Eneloop - A Better Battery

A year ago I learned about Sanyo Eneloop batteries and bought a starter pack. Eneloops are now my prefered battery for most uses.

Eneloops are improved Nickel Metal Hydride (NiMH) rechargeable batteries with these key benefits:

  • Hold a charge longer (low self discharge)
  • Can be recharged more times
  • Better low temperature performance
  • Can be used right out of the package (pre-charged)
The most important feature of Eneloops for me is how long they hold a charge - they seem more like Alkaline batteries in this regard. I have lots of NiMH batteries and they work well for many uses, but for devices I use sporadically I was often frustrated to find the NiMH batteries had lost their charge between the last use. For digital cameras I have to recharge the NiMH batteries once a month, even if I don't take many pictures. The Eneloops can often go 2 months or more. The Eneloops also work great in my GPS - I don't use it often, but when I do the Eneloops usually have enough charge for the job, whereas most times the NiMH batteries are dead. So even though Eneloops have less rated capacity than current NiMH batteries (2000 mAh versus 2700 mAh), the lower rate of self discharge (95% charge after 6 months for Eneloop versus 75% or worse for NiMH) means I get more use out of the Eneloops and fewer times finding dead batteries.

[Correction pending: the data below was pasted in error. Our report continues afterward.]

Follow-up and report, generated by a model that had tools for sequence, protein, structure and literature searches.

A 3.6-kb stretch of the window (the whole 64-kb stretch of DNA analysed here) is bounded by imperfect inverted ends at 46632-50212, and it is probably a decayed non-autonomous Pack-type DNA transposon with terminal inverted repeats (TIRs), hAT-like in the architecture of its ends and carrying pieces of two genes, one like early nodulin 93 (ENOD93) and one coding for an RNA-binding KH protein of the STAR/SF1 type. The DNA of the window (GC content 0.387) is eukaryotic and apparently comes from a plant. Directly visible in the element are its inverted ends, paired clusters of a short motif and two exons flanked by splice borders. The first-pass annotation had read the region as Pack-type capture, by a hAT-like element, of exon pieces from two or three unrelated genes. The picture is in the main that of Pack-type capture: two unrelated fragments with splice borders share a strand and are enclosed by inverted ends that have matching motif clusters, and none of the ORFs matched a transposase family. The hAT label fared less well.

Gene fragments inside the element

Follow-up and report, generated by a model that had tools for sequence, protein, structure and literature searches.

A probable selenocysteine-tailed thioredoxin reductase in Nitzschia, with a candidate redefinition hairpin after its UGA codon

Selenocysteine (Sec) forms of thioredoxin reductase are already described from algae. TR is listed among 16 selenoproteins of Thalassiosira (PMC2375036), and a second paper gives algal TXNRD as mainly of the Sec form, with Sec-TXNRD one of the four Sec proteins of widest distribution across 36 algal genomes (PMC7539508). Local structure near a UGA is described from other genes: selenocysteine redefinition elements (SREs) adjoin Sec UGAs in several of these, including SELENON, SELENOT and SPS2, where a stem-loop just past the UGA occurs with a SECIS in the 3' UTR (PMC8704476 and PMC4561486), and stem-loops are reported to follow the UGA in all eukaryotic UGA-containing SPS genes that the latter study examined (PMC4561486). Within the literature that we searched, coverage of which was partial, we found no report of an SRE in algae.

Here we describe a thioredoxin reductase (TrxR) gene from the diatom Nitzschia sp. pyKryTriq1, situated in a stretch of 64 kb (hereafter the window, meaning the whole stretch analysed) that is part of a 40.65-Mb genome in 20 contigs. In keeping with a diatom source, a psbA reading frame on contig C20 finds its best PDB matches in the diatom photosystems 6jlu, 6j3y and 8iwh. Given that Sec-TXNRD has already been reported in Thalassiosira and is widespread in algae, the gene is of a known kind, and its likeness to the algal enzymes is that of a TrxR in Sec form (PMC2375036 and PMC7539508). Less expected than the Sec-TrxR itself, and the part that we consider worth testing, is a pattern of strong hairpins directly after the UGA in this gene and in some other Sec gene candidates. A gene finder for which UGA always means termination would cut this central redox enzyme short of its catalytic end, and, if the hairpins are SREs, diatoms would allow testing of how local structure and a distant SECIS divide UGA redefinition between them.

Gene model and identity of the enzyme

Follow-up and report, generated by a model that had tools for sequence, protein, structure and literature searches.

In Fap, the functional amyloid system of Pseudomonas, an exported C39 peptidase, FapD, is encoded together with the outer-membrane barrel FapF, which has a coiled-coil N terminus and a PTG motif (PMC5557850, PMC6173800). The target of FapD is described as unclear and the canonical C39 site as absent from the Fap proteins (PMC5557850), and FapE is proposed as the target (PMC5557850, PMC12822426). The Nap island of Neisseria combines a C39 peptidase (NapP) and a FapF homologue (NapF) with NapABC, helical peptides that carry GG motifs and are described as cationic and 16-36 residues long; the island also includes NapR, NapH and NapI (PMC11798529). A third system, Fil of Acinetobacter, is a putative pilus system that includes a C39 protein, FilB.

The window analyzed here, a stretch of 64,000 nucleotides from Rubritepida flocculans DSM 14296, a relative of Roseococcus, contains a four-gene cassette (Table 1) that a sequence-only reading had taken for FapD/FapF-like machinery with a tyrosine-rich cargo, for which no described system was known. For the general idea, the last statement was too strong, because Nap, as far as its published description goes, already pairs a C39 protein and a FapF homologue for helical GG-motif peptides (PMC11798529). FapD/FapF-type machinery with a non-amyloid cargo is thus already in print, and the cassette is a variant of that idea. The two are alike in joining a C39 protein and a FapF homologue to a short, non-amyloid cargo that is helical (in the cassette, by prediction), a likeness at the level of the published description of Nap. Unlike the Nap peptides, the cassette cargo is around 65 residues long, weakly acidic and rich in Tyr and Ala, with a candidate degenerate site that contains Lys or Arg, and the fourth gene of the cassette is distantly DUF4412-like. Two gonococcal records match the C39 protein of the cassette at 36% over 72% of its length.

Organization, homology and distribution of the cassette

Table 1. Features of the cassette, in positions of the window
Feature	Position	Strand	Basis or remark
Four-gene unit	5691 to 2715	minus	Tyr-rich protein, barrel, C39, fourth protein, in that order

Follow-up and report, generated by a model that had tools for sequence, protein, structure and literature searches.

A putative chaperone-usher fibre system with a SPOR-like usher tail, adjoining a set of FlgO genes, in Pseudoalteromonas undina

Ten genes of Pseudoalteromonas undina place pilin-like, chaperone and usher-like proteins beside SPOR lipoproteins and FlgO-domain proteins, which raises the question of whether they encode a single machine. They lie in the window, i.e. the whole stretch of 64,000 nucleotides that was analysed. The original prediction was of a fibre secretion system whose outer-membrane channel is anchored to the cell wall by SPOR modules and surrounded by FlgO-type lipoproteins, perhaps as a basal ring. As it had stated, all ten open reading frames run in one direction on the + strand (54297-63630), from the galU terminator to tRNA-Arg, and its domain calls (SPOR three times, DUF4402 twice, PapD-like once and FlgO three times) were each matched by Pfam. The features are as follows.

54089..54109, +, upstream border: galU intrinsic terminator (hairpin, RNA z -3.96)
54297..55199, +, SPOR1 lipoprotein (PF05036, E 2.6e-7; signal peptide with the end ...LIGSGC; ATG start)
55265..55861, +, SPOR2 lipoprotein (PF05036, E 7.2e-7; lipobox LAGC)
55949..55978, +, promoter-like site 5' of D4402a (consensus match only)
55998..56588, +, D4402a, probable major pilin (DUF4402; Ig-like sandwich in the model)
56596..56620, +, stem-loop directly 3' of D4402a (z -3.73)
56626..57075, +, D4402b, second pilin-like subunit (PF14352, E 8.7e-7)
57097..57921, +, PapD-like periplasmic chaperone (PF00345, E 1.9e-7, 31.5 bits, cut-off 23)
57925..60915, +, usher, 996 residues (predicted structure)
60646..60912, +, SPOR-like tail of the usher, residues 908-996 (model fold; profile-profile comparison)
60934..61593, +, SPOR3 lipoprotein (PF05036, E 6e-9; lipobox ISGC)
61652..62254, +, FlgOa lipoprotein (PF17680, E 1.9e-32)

The Eneloops charge just fine in my NiMH battery charger. If you don't already have a charger there are bundles with a charger, and even a USB charger.

As my NiMH batteries wear out I've been replacing them with Eneloops. I have both AA and AAA Eneloops. Other companies make batteries like Eneloops: Rayovac Hybrid, Kodak Pre-Charged, and Duracell Pre Charged. I like the distinct white package of the Eneloop so I don't mistake them for Alkalines or standard NiMHs.

I bought my starter pack at Costco (I think they still stock them). Eneloops can be hard to find around town, but are widely available for purchase on-line (Amazon has them).

I still use a lot of non-rechargeable Alkaline batteries. They last a long time and work great in devices that don't use much power or are seldom used, like remotes, emergency lights, toys, etc.

Occasionally I use some lithium non-rechargeable batteries (expensive!) when I need maximum run-time and/or best performance in low temperatures.


1 comment:

bjchild said...

Thanks for the review. I've been annoyed with the way my batteries lose their charge so quickly. Have to give these a try.